In the Bukit Purmei neighbourhood, the brightly coloured Tang Gah Beo Taoist temple stands out from the neighbouring pastel- hued HDB blocks and white facade of the Church of St Teresa.
The most striking features of the temple, which has orange terracotta exterior walls, are on its roof. There are colourful plaster sculptures of deities floating on clouds, pagodas and characters depicting Chinese mythology - all looking rather disproportionately large in scale.
Three multi-coloured lions protrude from the gable on the sides of the temple's front pavilion.
Every temple has a unique gable and the shape is based on the Chinese belief in geomancy, which takes into account the temple founder's geomantic figures, zodiac sign and the siting of the temple.
Tang Gah Beo temple - named after Dong Yue Mountain, one of five sacred mountains in China - was believed to have been built in the early 20th century and founded by a Buddhist, Venerable Master Biyu, from Fujian, China. It was gazetted for conservation in June 2014 and sits on a 15,381 sq ft plot of land.
Dr Yeo Kang Shua, 41, assistant professor of architecture and sustainable design at the Singapore University of Technology and Design, says craftsmen "likely took artistic
licence" with the roof ornamentation and exaggerated their handiwork.
Discovering the temple's features throws up delightful surprises. While the roof ornamentation is Teochew in style, Dr Yeo notes that the layout and structure of the temple's main hall are Hokkien in nature.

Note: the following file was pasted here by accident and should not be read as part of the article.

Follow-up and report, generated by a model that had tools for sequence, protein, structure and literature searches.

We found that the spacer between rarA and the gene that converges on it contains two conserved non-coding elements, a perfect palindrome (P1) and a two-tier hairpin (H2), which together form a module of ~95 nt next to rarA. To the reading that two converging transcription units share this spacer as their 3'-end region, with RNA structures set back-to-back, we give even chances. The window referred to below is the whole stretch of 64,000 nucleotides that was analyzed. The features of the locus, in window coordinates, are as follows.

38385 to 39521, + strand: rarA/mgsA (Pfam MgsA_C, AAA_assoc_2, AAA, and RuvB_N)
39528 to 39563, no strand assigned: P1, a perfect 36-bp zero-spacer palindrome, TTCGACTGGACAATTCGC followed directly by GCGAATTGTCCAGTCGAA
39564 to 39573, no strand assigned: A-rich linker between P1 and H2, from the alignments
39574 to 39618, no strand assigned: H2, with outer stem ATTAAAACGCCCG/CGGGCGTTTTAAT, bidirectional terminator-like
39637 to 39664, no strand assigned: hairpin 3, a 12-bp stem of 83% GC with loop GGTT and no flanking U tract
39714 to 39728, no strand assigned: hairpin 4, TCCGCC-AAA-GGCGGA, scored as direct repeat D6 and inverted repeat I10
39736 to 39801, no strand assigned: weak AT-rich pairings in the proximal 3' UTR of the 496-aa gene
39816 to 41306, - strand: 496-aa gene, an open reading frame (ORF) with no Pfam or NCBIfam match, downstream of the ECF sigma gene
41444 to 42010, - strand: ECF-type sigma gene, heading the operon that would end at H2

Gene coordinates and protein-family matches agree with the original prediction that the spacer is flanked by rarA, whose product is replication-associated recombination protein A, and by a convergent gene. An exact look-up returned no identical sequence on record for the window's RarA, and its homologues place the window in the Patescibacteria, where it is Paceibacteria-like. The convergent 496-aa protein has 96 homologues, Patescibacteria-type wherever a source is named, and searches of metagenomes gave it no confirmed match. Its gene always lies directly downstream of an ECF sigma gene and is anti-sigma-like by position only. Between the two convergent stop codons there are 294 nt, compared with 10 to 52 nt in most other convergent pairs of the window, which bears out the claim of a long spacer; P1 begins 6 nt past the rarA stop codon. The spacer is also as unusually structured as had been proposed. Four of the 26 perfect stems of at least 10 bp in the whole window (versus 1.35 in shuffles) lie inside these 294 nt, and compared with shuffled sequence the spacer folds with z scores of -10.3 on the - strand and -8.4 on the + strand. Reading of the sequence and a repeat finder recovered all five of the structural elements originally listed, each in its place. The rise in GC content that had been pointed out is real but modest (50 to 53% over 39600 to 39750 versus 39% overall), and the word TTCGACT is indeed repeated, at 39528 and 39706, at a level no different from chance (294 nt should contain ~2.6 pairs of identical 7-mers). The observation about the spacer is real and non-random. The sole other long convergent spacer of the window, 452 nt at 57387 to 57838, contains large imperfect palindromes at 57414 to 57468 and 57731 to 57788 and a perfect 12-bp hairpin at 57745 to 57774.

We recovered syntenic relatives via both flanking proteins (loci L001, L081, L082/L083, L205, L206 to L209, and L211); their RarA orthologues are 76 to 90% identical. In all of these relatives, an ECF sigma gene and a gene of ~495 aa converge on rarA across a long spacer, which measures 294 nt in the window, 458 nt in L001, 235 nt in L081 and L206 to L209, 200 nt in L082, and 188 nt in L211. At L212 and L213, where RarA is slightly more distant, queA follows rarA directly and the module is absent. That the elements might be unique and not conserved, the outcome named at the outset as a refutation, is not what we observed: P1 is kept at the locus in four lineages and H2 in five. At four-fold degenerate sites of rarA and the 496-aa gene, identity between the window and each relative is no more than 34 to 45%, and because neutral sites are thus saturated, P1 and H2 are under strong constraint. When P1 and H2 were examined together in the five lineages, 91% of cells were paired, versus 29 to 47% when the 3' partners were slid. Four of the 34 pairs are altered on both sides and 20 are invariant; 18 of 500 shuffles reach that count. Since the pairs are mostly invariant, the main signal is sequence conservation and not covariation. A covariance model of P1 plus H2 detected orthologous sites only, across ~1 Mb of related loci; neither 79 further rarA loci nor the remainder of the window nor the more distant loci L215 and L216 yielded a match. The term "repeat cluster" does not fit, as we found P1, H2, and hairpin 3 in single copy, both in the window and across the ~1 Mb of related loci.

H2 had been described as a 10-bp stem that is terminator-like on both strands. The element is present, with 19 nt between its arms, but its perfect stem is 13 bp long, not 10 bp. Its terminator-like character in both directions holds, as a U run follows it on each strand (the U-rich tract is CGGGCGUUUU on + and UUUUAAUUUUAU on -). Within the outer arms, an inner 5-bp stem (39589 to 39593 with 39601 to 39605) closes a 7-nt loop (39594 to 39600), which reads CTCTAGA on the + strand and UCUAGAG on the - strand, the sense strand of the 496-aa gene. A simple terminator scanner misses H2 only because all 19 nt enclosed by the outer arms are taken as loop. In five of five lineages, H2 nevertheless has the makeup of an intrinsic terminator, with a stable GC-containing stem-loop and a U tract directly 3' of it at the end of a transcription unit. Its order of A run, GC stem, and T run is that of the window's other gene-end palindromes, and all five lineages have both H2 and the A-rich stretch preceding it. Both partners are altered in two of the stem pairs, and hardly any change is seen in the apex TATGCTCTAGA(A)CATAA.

The main hall in the middle is flanked by two buildings. They are believed to have been added in 1961 and 1979 - around the same time as the roof's ornamentation, although he cannot confirm the exact date.
Another sign that the temple is Hokkien in style is its front pavilion, where a giant urn sits. Dr Yeo notes that this feature, called the bai ting or prayer pavilion, is more commonly found in localised or vernacular temples than those in the city centre.
The temple's original timber bracketing system in the main prayer hall is a common feature in Chinese timber construction, but he says the thrust system, which holds up the roof beams, is squarish and not as elaborate as others. The span, a term used to refer to the distance between timber supports, is also "quite large and unusual".
He observes that the squarish timber columns are smaller and slender, compared with those in other Hokkien temples which are rounded in the middle. This would mean that the timber used would have to be "quite strong", he adds.
As there is scant literature about the temple or its history, much of the information Dr Yeo has obtained has been through oral history and inference. He compared different architectural styles and talked to the temple's 65-year-old caretaker, Madam Guo Xiu Ru, who has lived there since she was a baby.
Ms Ang Li Shian, 25, a conservation planner with the Urban Redevelopment Authority, says: "Apart from Tang Gah Beo, other Chinese temples conserved in the past two years include Leong San See in Race Course Road and Kew Lee Tong in Jalan Tambur. Many of these Chinese temples are key markers of our shared heritage and are products of cultural hybridisation."
•This is a monthly column on heritage buildings.